Does Toyota’s New Study Promote Hybrids at the Expense of EVs?

The new vehicles’ announcement has been used by Toyota to publicize the highlights of a new internal investigation that assesses the environmental impact and cost of ownership between a PHEV and a BEV. The problem? It offers results that are controversial and deserve a detailed study.

For this research, Toyota created a tool that shows the balance between GHG emissions and the total cost of ownership. The source code for this tool is publicly available at for others to experiment with the various input parameters and see the movement of BEVs and PHEVs in the GHG and cost graph.

The research highlights the following points:

  • The GHGs of a currently available BEV model and the PHEV model is approximately the same in highway performance when pollutants created by electricity production are taken into account for the average US power grid used to charge batteries.
  • Manufacturing is a component of GHG emissions. Using the “Greenhouse Gases, Regulated Emissions and Energy Use in Technologies” (GREET) model, the researchers found that producing a PHEV emits less GHG as it uses a smaller and lighter battery.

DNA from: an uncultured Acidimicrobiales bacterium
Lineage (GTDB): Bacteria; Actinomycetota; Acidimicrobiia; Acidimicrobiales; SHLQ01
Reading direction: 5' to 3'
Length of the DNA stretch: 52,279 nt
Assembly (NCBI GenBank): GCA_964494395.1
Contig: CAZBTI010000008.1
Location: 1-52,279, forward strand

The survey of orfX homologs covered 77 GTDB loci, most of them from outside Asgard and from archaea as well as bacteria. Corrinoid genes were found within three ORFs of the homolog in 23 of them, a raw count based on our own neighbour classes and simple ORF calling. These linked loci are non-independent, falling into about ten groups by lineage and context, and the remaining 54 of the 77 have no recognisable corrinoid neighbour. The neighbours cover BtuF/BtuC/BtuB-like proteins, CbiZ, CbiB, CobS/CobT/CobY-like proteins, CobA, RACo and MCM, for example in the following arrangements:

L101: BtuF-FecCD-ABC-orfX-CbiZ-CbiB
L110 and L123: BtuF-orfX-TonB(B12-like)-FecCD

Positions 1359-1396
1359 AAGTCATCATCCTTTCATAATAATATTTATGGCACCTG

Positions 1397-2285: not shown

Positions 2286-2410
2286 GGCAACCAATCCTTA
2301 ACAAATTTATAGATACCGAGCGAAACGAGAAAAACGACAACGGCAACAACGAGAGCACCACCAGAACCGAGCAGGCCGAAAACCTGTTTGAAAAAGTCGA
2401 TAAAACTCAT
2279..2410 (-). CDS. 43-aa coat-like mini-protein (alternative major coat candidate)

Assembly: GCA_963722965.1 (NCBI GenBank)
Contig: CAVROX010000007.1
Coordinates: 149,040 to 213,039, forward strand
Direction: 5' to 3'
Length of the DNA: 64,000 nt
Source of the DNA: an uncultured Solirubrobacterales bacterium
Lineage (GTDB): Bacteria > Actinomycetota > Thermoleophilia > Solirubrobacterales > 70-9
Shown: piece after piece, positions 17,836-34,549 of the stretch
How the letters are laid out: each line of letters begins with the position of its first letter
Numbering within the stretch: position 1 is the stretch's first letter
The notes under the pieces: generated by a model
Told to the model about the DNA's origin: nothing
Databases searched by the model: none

• The PHEV is much less expensive to buy and own compared to the BEV. The five-year total cost of ownership (TCO) of a long-range BEV is significantly higher than the PHEV without any incentive. If you include incentives available this year (2020), the TCO of a long-range BEV is much higher.

Biased results?

These research results are striking while clearly showing the basis for the study’s approach, which could improve the performance of plug-in hybrids at the expense of pure electric cars.

The first point does not include the emissions from the well to the wheel of fossil fuels necessary to power a PHEV, but it does use the energy mix used in the United States to recharge a BEV, something that penalizes the second.

Once again, Toyota seems to show its real face trying to enhance the image of a technology that has marked the group’s identity for the last 25 years.

The brand known for its ‘self-charging car’ ads continues to deliver messages like Carter’s to the world: ‘We continue to be a leader in electrification that began with our pioneering introduction of the Prius nearly 25 years ago’.

While waiting to see the two 100% electric models designed for the US market, Toyota, like many other manufacturers, continues to appropriate the term “electrification” to make up its range powered mainly by internal combustion engines supported by hybrid systems.

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